Nokia N97 Was Supposed To Be An “iPhone Killer” But It Killed Nokia Instead
N97 is a 3G smartphone with Symbian 9.4 S60 operating system launched by Nokia at the end of 2008. At that time, the iPhone had broken away from the initial sense of youth and began to be noticed by more people
The mobile phone industry leader Nokia urgently needed a mobile phone to save the field, At that time. This task fell on the fledgling N97. Before N97, Nokia 5800 XpressMusic was the first Symbian S60 phone with a touch screen released by a Finnish manufacturer. This is not an excellent mobile phone, but it achieved 8 million sales in the first year and achieved gratifying results. Nokia wants to launch a more high-end product to continue the glory of the N5800.
But as a result, it failed, said Anssi Vanjoki, Nokia’s vice president of marketing at the time. “From the perspective of shipment data and sales, N97 is a huge success for us. However, in terms of consumer experience and what we did not expect, this product is very disappointing.”
Nokia was still the leader of the industry at the time and could sell mobile phones based on its trademark alone. In the past, smartphones only ran a few applications and only had access to a limited network. The smartphones of the future must face sites with similar PC pages and run applications as complex as desktop computers, which far exceeds the hardware and software capabilities of the Nokia platform.
The iPhone made the touch screen popular, and the N97 also has a touch screen. The 3.5-inch screen has a video-friendly 16:9 aspect ratio and is larger than the screen equipped with the 5800. However, it still uses resistive touch. Compared with capacitive touch, it is always a poor choice, with lower sensitivity and lack of multi-touch support.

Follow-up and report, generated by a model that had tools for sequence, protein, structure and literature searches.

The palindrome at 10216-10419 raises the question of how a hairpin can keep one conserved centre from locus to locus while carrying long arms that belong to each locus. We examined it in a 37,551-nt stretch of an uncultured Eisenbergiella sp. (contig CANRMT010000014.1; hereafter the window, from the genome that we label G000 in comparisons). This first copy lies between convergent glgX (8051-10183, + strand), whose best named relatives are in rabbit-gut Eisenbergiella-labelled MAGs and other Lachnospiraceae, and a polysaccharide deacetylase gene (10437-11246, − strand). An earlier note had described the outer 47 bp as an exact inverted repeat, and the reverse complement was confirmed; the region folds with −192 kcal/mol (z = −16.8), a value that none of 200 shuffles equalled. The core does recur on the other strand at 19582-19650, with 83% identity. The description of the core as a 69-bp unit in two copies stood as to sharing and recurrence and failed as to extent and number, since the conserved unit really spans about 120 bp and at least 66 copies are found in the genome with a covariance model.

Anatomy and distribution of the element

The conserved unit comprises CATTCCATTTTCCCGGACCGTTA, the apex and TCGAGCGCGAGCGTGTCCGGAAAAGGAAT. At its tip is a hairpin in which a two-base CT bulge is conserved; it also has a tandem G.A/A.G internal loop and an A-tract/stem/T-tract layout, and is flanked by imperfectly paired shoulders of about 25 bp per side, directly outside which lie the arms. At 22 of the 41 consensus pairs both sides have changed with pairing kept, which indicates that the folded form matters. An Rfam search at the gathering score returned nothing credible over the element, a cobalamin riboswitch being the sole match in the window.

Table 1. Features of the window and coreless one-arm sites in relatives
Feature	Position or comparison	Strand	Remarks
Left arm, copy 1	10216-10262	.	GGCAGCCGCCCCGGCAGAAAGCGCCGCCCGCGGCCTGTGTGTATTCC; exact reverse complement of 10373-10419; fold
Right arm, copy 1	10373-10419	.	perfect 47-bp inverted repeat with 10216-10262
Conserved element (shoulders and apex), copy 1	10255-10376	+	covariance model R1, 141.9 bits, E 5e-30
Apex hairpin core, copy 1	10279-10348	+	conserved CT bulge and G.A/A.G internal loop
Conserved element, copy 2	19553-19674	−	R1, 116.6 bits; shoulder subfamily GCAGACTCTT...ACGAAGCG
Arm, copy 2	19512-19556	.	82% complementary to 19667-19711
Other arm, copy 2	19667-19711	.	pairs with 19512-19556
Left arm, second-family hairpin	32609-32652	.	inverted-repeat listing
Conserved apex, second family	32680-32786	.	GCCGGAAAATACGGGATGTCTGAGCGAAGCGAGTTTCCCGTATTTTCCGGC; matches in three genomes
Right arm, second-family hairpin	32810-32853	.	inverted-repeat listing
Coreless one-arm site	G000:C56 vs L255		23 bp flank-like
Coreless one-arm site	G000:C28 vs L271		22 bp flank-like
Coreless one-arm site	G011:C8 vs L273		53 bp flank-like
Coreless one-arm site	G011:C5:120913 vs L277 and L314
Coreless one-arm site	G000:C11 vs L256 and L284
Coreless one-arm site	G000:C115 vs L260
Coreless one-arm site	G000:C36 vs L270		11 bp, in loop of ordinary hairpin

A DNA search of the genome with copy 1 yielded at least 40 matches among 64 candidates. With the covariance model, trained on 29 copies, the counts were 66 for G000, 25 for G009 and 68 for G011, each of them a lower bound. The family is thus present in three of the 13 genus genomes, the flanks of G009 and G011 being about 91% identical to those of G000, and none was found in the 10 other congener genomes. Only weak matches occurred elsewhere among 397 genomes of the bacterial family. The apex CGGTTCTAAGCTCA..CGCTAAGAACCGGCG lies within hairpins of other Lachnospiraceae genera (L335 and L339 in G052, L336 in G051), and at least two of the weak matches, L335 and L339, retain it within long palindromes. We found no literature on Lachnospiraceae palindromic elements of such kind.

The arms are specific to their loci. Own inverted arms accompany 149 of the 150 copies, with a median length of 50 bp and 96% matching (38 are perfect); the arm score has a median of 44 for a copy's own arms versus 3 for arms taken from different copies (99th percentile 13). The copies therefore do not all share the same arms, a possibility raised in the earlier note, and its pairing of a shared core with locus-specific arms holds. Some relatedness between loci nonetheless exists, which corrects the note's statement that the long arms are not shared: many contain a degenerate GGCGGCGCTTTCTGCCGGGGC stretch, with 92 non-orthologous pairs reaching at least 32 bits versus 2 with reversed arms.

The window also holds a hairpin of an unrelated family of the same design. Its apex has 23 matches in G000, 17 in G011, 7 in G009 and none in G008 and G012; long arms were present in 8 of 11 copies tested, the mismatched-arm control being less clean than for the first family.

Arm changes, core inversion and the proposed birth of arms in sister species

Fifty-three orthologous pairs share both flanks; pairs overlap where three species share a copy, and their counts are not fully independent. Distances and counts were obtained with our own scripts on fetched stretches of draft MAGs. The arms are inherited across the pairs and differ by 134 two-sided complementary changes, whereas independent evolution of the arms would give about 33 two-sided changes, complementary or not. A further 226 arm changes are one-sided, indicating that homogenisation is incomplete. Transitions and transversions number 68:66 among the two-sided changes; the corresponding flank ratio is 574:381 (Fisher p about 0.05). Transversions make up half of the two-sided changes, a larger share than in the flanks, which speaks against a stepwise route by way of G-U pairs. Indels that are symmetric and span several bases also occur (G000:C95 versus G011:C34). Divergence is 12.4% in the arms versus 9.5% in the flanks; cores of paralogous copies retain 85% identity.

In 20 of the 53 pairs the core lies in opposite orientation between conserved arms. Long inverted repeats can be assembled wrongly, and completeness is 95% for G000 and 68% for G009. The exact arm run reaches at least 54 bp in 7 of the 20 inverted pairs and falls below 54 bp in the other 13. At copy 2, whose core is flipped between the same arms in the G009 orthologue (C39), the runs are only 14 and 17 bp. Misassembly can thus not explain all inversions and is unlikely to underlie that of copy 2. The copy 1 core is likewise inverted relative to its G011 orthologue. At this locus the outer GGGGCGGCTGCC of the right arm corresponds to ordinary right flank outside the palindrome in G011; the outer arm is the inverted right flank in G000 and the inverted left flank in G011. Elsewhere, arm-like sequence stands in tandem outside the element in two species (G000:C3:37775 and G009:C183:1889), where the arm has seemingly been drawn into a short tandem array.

The screen of N97 was very good at the time, except for the resistive screen
Steve Jobs fascinated the whole world with two-finger pinch screen zoom and iPhone’s rich apps. The competing touch-screen version of Symbian feels like a patchwork. The goal is to make the operating interface of the Symbian system work with the touch screen.
This task is no easy task. So far, Microsoft is still trying to balance the Windows 10 interface so that it works equally well on the touch screen of a tablet computer as it does on a traditional laptop. You may remember UIQ, which is a branch of Symbian designed for touch screen phones, but UIQ has not become the final answer. Compared to iOS, it is closer to Windows Mobile. The company behind it also fell into trouble soon and went bankrupt in early 2009.
Why did N97 fail?
This is a controversial issue, because it does not seem to have much to do with the N97 screen, and it is not even caused by the clumsy Symbian software. Mainly because of Nokia’s mentality at the time, this is the real problem. N97 was launched in mid-2009. Its single-core processor has a clocked frequency of 434 MHz and only 128MB of RAM. After loading the operating system, there is only about 50MB of free space.
This is actually not a key factor, these parameters are the same as the original iPhone and the iPhone launched two years ago. Besides, N97 also competes with the iPhone 3GS with a 600MHz processor and 256MB RAM.
In fact, mobile phone processors at the time were very weak, and iOS did not learn to multitask until many years later.
The Symbian system has been supporting true multitasking for many years, but it runs a relatively simple App that can easily adapt to the limited resources available. The point is that after Apple and Google opened the doors of their app stores, developers quickly turned to create apps and games for desktop computers, and N97 was unable to deal with such apps.